6. #16
    blansky's Avatar
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    Back when I shot weddings having a noticeable Hasselblad was a definite advantage. You get the "woo" factor from the goofballs that always tried to jump in front of you. They kind of gave you the right of way.

    No I've never tried to cover up anything on my cameras and I like them looking as good as they day I bought them.

    I can't think of a reason, personally to do it. How does the fact that you are holding a motordrive or a big zoom lens or a Leica with a peice of tape on it make any difference to anyone. In my experience I always get respect with any camera (room to move around without being bothered) except maybe some silver snapshot camera.


    Michael MCBlane

  7. #17
    bjorke's Avatar
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    If you go to a lot of weddings as a guest it quickly becomes apparent that equipment doesn't distinguish the men from boys. The demeanor of the shooter makes it instantly clear if they are either worthwhile or a hack, and the size of their RZ67 has nothing to do with it.

    How about the Bruce Gilden method? Sweep in fast and hit 'em with the strobe and BAM you're out of there with a tip of the ol' karmic kap.

    • [list:d1c98f3b8d]
      April 2004
    [/list:u:d1c98f3b8d]

    "What Would Zeus Do?"
    KBPhotoRantPhotoPermitAPUG flickr Robot

  8. #18
    David R Munson's Avatar
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    Quote Originally Posted by blansky
    I can't think of a reason, personally to do it. How does the fact that you are holding a motordrive or a big zoom lens or a Leica with a peice of tape on it make any difference to anyone.
    Brand names in a consumer society. It's that simple. If some people see Nikon in big white letters across the prism of an SLR, they're automatically drawn to the camera because it's a Nikon. I was at a party two weeks ago and was talking photography with a friend of mine when a guy casually asked what kind of camera I was shooting with. I told him it was a Nikon and suddenly his demeanor changes and he's totally a Nikon fanboy drooling at my taped up camera. Not because it's a big clunky thing with a motor drive, but because it's a Nikon. Same thing happened when I had a Leica.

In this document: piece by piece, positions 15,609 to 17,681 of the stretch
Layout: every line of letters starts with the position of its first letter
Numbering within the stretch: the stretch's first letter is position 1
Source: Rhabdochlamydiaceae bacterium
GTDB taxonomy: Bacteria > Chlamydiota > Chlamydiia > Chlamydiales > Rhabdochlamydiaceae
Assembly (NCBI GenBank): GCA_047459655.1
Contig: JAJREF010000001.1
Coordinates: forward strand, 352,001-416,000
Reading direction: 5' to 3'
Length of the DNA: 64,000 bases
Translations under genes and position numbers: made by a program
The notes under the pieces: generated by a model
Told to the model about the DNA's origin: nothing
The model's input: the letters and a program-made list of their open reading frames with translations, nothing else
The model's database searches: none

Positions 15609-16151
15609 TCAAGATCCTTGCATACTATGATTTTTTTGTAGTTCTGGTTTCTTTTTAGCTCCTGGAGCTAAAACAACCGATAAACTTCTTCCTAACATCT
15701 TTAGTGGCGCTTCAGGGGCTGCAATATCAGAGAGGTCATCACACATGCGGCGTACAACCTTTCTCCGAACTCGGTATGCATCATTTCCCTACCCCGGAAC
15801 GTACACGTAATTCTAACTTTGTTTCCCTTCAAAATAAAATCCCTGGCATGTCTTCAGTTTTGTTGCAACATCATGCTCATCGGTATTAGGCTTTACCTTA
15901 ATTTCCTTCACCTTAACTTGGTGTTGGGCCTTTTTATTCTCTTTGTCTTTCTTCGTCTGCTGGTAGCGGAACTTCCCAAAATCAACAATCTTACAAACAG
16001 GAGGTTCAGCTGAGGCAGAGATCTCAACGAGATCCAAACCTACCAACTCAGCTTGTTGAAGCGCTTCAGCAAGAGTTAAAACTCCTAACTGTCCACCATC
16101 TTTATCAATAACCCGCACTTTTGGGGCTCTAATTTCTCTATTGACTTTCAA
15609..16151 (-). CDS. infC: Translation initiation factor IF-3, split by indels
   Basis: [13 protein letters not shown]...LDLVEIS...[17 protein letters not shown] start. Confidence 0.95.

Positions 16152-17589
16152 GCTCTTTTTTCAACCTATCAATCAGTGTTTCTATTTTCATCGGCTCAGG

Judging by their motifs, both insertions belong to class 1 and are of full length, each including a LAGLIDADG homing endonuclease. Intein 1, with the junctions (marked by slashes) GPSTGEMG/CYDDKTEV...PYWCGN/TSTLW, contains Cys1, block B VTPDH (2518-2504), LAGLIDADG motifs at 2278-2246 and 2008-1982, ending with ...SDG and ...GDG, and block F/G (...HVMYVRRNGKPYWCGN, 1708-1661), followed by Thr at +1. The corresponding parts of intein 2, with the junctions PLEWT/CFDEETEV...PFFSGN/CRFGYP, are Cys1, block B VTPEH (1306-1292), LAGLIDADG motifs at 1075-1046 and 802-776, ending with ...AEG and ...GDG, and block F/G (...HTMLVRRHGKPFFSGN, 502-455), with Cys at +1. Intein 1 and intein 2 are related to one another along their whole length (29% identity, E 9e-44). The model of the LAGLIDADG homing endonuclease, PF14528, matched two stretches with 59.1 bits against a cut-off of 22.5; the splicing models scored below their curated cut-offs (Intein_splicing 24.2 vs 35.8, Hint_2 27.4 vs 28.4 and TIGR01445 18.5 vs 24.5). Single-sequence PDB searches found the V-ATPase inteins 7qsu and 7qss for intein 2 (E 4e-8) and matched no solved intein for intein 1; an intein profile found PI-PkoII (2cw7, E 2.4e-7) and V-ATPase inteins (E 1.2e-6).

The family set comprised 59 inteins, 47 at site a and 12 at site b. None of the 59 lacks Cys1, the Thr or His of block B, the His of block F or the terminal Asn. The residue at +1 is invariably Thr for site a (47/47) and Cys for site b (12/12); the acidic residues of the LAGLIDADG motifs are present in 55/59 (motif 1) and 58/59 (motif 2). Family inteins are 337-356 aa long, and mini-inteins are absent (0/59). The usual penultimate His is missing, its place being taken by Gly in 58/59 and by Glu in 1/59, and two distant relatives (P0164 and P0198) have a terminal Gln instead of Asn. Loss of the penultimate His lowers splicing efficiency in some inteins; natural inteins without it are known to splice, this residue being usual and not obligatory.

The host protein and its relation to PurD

With some people, there is a fascination with camera names, as if spending X number of dollars on a camera automatically makes you a great photographer. If nothing else, taping a camera helps dispense with that nonsense.

  9. #19
    Flotsam's Avatar
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    These days, if someone comes up and wants to talk photography, I just mention that I'm shooting film. They say "Oh" and politely back away. No megapixels, no software, nothing to talk about.
    That is called grain. It is supposed to be there.
    =Neal W.=

  10. #20
    gma
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    The first time I ever saw black tape over a camera name was in the Alfred Hitchcock movie, "Rear Window". Jimmy Stewart spied on his neighbors using an Exakta with a telephoto lens. In the 1950's movie makers did not want to give free advertising to anyone and every product name was blacked out or otherwise obscured. Now almost every movie is packed with product logos in every scene in which they can possibly include them and they charge the manufacturers to show the logos.
    [FONT=Century Gothic][/FONT][SIZE=7][/SIZE][COLOR=DarkOrange][/COLOR] I may be getting older, but I refuse to grow up!